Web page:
Mini-Catalogue of Stupid but Common Issues

Having been through another chaotic release today, with most of the issues looking strangely familiar, I thought it might be a good idea to write a quick post about these issues that are very common, and yet look utterly stupid once you have managed to fix it. Stupid because they keep coming back over and over again and they are easily avoidable. Heck, they even are easy to fix, but at the end of the day you’re the one who ends up looking stupid, because you’re the one responsible for the release…

All this will probably sound dead obvious to people out there, but you wouldn’t believe the number of times I still have to tackle that kind of stuff. So, with no further ado, here is this list of common issues that keep cropping up (you’ll probably want to add your own):

  • Database changes: this would have to be right at the top of the list. Missing CREATE TABLE, default value not set, missing constraint, missing reference data, etc. Somehow, there must be an ideal way of handling database changes, but it hasn’t come my way and the projects I have worked on yet. In any case, database changes scripts must be kept up-to-date, in version control: new tables, new columns (nullable or not, please check; think of the default value, and think of what the existing records will look like), altered tables, new records (reference data). Make sure you backup the tables you either drop or alter1 . The db scripts must be tested along with the rest of the code and executed on a database replicating the structure of the production environment. When changing the Hibernate mapping files, make sure you update the database scripts as well, ideally in the same Subversion (or CVS, or whatever) commit. And vice-versa. When dealing with database scripts, anything that has been forgotten is a pain in the neck, as you have to go and haggle with the DBA to either get the permissions to execute that missing query, or to get him or her to do it. The more forgotten there is, the more you have to go to the DBA, and the stupider you’ll look. Or your team lead, for that matter, which is not good either.
  • Classpath: Missing Jars, properties file, file at the wrong place, ClassNotFoundException2. Make sure your project is properly structured, with the properties files limited to the strict minimum and contained in very specific locations. Avoid crazy things like cyclical dependencies, make sure you know exactly which version of what jar is being bundled, and from where. Outsource your dependencies management to something like Ivy if it makes you more comfortable (but stay away from Maven if possible…). Try to understand how the classloading in the J2EE server you use (for example, in WebSphere, it helps to have some clue about what PARENT_FIRST or PARENT_LAST do…).
  • Date/Time: Dates and time are a bleeding nigtmare. Especially dates. Look at anything involving dates/time with the same suspicion you’d look at, I dunno, a multi-recidivist rapist released because of a typo. Make sure you’ve taken into account leap years, time zones, daylight saving times, dates in the future, dates in the past, time of the day when comparing two dates (again, beware DST), locale. Make sure you’re consistent when displaying dates, when entering dates (use a calendar component if possible). Enforce strict validation rules. Learn to mistrust Java java.util.Date (Remember: January is month 0!), and consider using JodaTime. Don’t worry, you won’t need to be an expert in leap seconds. Make sure you know with wich date pattern you’re working with. Don’t confuse timestamps and dates, and check if it the time is populated in your timestamp, and with what value.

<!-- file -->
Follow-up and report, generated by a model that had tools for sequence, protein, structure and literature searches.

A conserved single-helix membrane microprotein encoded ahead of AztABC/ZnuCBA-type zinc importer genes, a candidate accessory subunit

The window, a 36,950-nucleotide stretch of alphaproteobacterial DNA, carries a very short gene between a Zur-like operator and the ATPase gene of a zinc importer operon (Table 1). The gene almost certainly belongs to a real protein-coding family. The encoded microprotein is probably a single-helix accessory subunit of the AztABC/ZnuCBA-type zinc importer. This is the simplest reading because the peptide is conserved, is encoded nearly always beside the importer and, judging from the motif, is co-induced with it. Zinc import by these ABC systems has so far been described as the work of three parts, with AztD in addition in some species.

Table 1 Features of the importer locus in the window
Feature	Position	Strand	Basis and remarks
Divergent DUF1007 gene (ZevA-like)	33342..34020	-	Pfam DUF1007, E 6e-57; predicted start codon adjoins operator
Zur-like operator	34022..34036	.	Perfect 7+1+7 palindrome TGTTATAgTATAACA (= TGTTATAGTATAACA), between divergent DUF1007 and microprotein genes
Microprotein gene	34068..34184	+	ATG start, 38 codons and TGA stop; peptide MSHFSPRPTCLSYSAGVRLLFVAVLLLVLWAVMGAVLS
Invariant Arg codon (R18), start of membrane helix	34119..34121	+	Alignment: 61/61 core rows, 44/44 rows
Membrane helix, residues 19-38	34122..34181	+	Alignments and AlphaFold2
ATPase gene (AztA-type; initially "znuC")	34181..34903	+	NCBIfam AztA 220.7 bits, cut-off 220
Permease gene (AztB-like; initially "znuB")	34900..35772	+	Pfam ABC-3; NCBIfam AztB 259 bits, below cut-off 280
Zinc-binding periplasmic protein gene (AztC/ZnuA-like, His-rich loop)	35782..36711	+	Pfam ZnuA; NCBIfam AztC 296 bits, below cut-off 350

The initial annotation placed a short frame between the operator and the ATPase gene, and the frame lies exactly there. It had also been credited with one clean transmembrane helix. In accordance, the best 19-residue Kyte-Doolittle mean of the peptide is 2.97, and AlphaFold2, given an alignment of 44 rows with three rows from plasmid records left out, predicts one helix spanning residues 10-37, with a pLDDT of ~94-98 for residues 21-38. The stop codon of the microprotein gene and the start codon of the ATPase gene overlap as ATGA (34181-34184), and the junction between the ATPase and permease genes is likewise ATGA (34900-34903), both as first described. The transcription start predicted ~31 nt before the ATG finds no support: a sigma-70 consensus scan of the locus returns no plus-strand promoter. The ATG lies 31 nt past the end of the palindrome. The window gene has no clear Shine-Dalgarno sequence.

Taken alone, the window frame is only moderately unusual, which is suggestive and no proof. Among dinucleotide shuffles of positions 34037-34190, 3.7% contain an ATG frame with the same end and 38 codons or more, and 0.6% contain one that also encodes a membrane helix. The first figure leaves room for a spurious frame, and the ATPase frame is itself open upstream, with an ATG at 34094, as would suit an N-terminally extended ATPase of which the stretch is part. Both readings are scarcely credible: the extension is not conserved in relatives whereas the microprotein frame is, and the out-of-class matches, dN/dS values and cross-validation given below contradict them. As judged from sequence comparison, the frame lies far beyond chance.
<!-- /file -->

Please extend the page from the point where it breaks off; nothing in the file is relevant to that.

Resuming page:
• Encoding: Funny characters appearing in a page, or stored in the database. Make sure you know which encoding is used in every single layer of your application, especially in the presentation one (for example, if you’re working in UTF-8, make sure the file is saved in UTF-8, sports a UTF-8 content-type, that the forms are sent as UTF-8, etc., etc.): property files, JSPs, classes, database, etc.
  • NPE: For the love of God, make sure an object is initialized before using it. Don’t think things like “Oh, but it’s been there, then it must be here” without having though twice (take into account that the code might change in the future, and this assumption might not be true then). We all have hilarious storied of comments swearing that // This shouldn’t happen, and guess what, it happened. We all know the joke, laughed at it, but hey, we’ve all been bitten by it, one way or another.

Now, it all comes down to testing, obviously. This kind of stuff should never even reach a production box, for the simple reason that if the tests were carried out in a regular and controlled manner, these problems would be spotted early on. But there are always (good, according to the guy whose name appears against the incriminated line of code in the Subversion Blame functionality) reasons for something to slip through, and post-mortem analysis often show miscommunication has one of the root causes. Well, there you go, you’ve been told!

Edit: For the record, I have spotted the first issue in the new Weblogism design, and guess what? It is to do with the comments having no date set.

1 Yes, even alter. Dropping a column, and create a new one is not a rename, for example…

2 Note that this can express itself in all sorts of ways, so it can sometimes be quite a pain to diagnose, for example funky NullPointerException when calling a WebService/EJB, etc. Again, all sounds pretty stupid, but it happens all the time.